Have you ever wondered what happens to a child after entering foster care? Because every child has a right to privacy, foster care is invisible by design. But that also means the system is often unaccountable and, to most people, completely unknown. When the state removes a child from their home due to alleged abuse and/or neglect, that’s just the beginning of an often long and complex process. The following is a guide intended to broadly represent a child’s journey through foster care.
STEP ONE: An Agency Investigates
A child begins their foster care journey when abuse or neglect is reported to the Children’s Division (or Department of Children and Family Services in Illinois). The Children’s Division is responsible for the administration of child welfare services. They work in partnership with families, communities, the courts, and other governmental entities toward ensuring the safety, permanency, and well-being of Missouri children. The Children’s Division then investigates the report and decides what next steps need to be taken for the child.
What circumstances are required for there to be a Child Abuse and Neglect report? – In order for the Children’s Division to accept a hotline report of abuse or neglect for investigation, the child must be under 18 years of age, the alleged perpetrator must have care, custody, or control of the child, and the allegations must meet the legal definitions of abuse or neglect. The Child Abuse/Neglect Hotline Unit screens the reported information to determine whether it meets criteria for a child abuse/neglect investigation or a family assessment response. If you know of any children experiencing abuse or neglect please report to this link – https://dss.mo.gov/cd/keeping-kids-safe/can.htm or call 1-800-392-3738.
STEP TWO: Substantiation
If the abuse or neglect is unfounded, then the child stays or returns home. If there is evidence of abuse or neglect there will be an agency recommendation. The recommendation might not be to remove the child from the home. If the child is safe they might recommend services like drug/alcohol treatment, counseling, mental health treatment, employment, or to find housing.
STEP THREE: The Preliminary Protective Hearing
This is the first court hearing in juvenile abuse and neglect cases. In some jurisdictions this may be called a “shelter care,” “detention,” “emergency removal,” or “temporary custody” hearing.
Who determines whether a child should be removed from their home? – Under Missouri law, the final decision to remove a child from a parent’s custody can only be made by a Juvenile Court judge. If there is a concern that a child may be in imminent danger, then a law enforcement officer, a physician, and a juvenile officer have the authority to place a child in temporary protective custody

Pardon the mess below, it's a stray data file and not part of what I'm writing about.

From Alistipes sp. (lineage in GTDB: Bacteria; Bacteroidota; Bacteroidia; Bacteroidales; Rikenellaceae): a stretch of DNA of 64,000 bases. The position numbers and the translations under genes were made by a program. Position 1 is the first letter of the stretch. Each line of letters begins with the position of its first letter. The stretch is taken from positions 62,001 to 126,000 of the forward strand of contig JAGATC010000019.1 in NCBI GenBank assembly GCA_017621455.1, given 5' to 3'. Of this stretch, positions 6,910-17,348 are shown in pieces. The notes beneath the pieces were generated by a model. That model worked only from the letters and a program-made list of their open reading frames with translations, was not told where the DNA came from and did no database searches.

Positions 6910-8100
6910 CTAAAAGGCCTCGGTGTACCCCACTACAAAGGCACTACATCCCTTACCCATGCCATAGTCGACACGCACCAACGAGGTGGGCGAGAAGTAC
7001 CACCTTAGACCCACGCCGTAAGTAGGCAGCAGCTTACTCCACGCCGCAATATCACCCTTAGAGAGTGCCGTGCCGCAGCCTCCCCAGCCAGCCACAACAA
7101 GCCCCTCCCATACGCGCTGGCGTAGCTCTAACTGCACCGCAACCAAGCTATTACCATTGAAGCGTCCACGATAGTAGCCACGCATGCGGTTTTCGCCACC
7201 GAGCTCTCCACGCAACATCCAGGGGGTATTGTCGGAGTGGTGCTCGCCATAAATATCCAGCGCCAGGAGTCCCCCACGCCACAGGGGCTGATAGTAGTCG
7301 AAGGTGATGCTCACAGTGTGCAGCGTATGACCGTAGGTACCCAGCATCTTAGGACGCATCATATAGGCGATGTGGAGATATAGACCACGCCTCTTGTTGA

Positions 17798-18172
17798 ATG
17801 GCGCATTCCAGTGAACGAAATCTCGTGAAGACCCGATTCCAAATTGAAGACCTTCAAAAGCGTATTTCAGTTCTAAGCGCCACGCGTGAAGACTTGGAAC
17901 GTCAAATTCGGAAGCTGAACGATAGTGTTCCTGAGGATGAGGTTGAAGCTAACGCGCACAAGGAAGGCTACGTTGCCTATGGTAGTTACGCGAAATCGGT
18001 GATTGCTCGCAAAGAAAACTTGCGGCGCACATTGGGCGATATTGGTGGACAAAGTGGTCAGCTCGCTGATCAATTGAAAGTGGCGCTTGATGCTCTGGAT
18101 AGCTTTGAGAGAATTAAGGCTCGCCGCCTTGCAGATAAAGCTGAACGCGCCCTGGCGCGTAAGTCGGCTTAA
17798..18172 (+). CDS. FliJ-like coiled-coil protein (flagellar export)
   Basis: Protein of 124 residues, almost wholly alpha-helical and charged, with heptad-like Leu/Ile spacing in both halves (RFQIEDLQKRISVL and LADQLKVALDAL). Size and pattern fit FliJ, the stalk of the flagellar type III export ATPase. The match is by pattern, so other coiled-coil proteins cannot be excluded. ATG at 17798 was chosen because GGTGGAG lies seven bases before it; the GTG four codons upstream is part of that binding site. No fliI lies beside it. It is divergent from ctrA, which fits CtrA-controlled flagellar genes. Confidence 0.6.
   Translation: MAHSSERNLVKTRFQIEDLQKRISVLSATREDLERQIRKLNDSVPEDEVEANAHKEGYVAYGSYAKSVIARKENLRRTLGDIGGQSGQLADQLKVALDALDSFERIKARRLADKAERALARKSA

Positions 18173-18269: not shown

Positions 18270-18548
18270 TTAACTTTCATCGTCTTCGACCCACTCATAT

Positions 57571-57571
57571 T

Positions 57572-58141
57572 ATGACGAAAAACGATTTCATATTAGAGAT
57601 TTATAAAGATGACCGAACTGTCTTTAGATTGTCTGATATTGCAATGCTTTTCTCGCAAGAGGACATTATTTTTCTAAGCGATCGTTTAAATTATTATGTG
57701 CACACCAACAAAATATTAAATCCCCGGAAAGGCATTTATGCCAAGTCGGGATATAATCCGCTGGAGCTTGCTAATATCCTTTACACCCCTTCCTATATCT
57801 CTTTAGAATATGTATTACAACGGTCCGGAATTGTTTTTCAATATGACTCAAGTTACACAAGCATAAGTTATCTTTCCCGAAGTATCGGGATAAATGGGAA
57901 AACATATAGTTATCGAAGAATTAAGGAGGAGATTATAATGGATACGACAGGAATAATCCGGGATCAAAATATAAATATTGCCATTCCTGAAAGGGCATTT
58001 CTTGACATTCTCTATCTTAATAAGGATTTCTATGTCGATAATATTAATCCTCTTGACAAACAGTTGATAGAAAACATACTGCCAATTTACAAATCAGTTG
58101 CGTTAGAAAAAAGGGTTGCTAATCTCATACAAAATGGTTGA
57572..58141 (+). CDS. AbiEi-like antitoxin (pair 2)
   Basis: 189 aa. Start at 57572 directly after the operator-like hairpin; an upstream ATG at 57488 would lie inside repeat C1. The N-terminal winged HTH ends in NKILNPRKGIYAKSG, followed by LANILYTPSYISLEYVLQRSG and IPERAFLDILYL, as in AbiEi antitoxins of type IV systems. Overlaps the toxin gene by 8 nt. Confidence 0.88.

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STEP FOUR: Foster Care
After the PC Hearing, the Juvenile Court judge determines whether or not the child will come into care, the child will either go into a traditional foster home, residential facility, relative home, and/or therapeutic foster home. Lots of factors come into play when deciding where a child goes.
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STEP FIVE: Adjudication and Dispositional Hearing
After thirty days, an adjudication and disposition hearing will commence. There, the court will determine if the facts in the preliminary protective hearing are true. At disposition, the court may order that the child be returned home with some conditions, placed in foster care, or award custody and guardianship to someone who is able to care for the child, preferably a relative.
Typically, the adjudication and disposition hearings are held on the same day. However, the parties can decide to split and hold an adjudication hearing first with the disposition hearing to be held at a later date.
STEP SIX: Court Review
After around 6 months there will be a court review to check on the child and their case. Here they will see if reunification to their parent(s) is making progress or if they need to change the permanency plan to another option.
About 3 in 5 children in foster care return home to their parents or other family members.
STEP SEVEN: Permanency Plan
After around 12 months there should be a permanency plan hearing. Here is where the court decides if the child will either be reunified with their parent(s), guardianship with a relative, or termination of parental rights, after which the adoption process begins.
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